Researchers from Baylor College of Medicine, TX, recently investigated the role of maternal diet and gut bacteria on the social traits of mice. Their findings will no doubt spark research into the possibility of probiotic interventions into a number of neurological disorders.
The number of bacteria in our guts outnumbers the cells of our body. That fact alone makes them a worthy target for research.
There is an estimated 1 kilogram of bacteria within each average human adult.
Predominantly known for their role in digestion, the range of gut bacteria’s influence is only slowly becoming better understood.
Gut microbes produce neuroactive compounds and are now known to significantly alter cognitive function and behavior patterns.
The so-called gut-brain axis also plays an important role in the early development and maturation of the immune and endocrine systems.
The latest study to examine the impact of gut bacteria on neurological behavior is published this week in the journal Cell.
The Baylor College team demonstrated that by adding a single, specific species of bacteria into the guts of mice that displayed autism-related social behavior, they could reverse some of the deficits.
Past research into modifying autistic behavior has focused on affecting change via electrical brain stimulation. As Mauro Costa-Mattioli, the senior author of the current study, says, “here we have, perhaps, a new approach.”
The inspiration for the research came from studies in humans demonstrating that maternal obesity during pregnancy appears to be a risk factor for offspring to develop neurodevelopment problems, including autism spectrum disorders (ASD).
Additionally, a high percentage of individuals with ASD report gastrointestinal issues.
Firstly, the researchers fed 60 female mice on a diet that was the equivalent to eating fast food several times a day. The resultant pups spent 3 weeks with their mothers before being weaned onto a normal diet.
After 1 month, ASD-like behaviors were noted in the mice; for instance, they spent less time with other mice and did not initiate interaction.
Next, the researchers examined the microbiome of the mice from high-fat mothers and compared it with the gut bacteria of offspring from mothers who had been fed a normal diet. They found that the two groups of mice had distinct gut flora populations.
“The sequencing data was so consistent that by looking at the microbiome of an individual mouse we could predict whether its behavior would be impaired.”
The next step was to determine whether these changes in gut bacteria were the causal factor of the changes in social behavior. Because mice eat each other’s feces, the investigators housed the animals together so that the microbiome would be spread among them.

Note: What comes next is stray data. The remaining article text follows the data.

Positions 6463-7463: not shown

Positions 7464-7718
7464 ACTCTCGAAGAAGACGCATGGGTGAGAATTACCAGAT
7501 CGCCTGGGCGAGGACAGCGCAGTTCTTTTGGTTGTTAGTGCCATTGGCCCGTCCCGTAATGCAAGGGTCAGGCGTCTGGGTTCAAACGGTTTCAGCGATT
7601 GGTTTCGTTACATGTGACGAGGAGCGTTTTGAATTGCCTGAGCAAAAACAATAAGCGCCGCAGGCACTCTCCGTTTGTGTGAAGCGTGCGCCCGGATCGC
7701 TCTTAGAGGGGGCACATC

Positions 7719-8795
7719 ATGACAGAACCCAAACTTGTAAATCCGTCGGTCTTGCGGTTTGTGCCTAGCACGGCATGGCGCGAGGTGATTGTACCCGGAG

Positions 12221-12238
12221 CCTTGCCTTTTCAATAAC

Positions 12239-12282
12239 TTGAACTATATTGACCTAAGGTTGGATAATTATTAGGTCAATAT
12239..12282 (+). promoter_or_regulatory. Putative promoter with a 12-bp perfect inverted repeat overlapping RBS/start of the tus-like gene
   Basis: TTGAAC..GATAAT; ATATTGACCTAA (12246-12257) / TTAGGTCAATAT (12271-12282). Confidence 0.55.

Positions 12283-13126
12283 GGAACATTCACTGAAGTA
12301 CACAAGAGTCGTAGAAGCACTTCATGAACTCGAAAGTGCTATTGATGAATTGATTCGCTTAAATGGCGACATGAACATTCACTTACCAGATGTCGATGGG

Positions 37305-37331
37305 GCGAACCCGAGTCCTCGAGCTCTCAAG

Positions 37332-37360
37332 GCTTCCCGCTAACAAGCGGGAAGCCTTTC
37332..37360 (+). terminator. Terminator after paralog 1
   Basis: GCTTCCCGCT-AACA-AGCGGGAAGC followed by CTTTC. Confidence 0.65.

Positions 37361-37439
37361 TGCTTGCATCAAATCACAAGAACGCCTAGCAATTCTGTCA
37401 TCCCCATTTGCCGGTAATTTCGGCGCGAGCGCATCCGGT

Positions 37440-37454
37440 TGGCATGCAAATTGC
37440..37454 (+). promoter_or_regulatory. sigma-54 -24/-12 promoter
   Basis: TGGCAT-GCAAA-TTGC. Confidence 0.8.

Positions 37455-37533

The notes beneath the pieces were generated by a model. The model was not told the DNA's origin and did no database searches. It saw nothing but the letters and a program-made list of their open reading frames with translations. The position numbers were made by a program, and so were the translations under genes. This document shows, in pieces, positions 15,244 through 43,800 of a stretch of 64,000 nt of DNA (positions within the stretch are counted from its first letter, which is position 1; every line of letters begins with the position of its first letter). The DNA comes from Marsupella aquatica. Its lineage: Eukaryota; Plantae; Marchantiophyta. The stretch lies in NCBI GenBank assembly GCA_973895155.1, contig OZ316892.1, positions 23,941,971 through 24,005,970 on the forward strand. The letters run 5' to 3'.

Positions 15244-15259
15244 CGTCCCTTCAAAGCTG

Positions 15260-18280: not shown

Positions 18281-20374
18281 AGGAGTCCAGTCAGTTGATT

When the ASD-like, 3-week old pups were paired with normal mice, within 4 weeks, the microbiome was restored to normal, and many of the behavior patterns also returned to normal.
Once the team had established this solid link between behavior and gut bacteria, they decided to pinpoint the responsible species. The bacteria that fitted the bill most neatly was Lactobacillus reuteri; the species was found to be reduced ninefold in the mice born to mothers fed on the particularly high-fat diet.
“We cultured a strain of L. reuteri originally isolated from human breast milk and introduced it into the water of the high-fat-diet offspring,” says Shelly Buffington, first author. “We found that treatment with this single bacterial strain was able to rescue their social behavior.”
However, despite some of the ASD-like behaviors being improved by the updated microbiome, not all behavior returned to normal – anxiety remained, for instance.
As an interesting addition, the team also found that L. reuteri enhanced release of oxytocin, a hormone known to play a vital role in social behavior and bonding; oxytocin has also been linked with autism in humans.
The team next investigated the role of reward circuitry in the socially impaired mice.
“We found that, in response to social interaction, there was a lack of synaptic potentiation in a key reward area of the brain that could be seen in the normal control mice. When we put the bacteria back in the maternal-high-fat-diet offspring, we could also restore the changes in synaptic function in the reward circuitry.”
The results are, of course, fascinating. But more importantly, they could potentially lead to minimally invasive, natural remedies for neurobiological conditions. There is still an incredibly long hill to climb before this becomes a reality in human subjects, but the possibilities are exhilarating.
Research into the varied physiological role of gut bacteria is a relatively new area of study and, so far, the microbiome has proven to be surprisingly influential.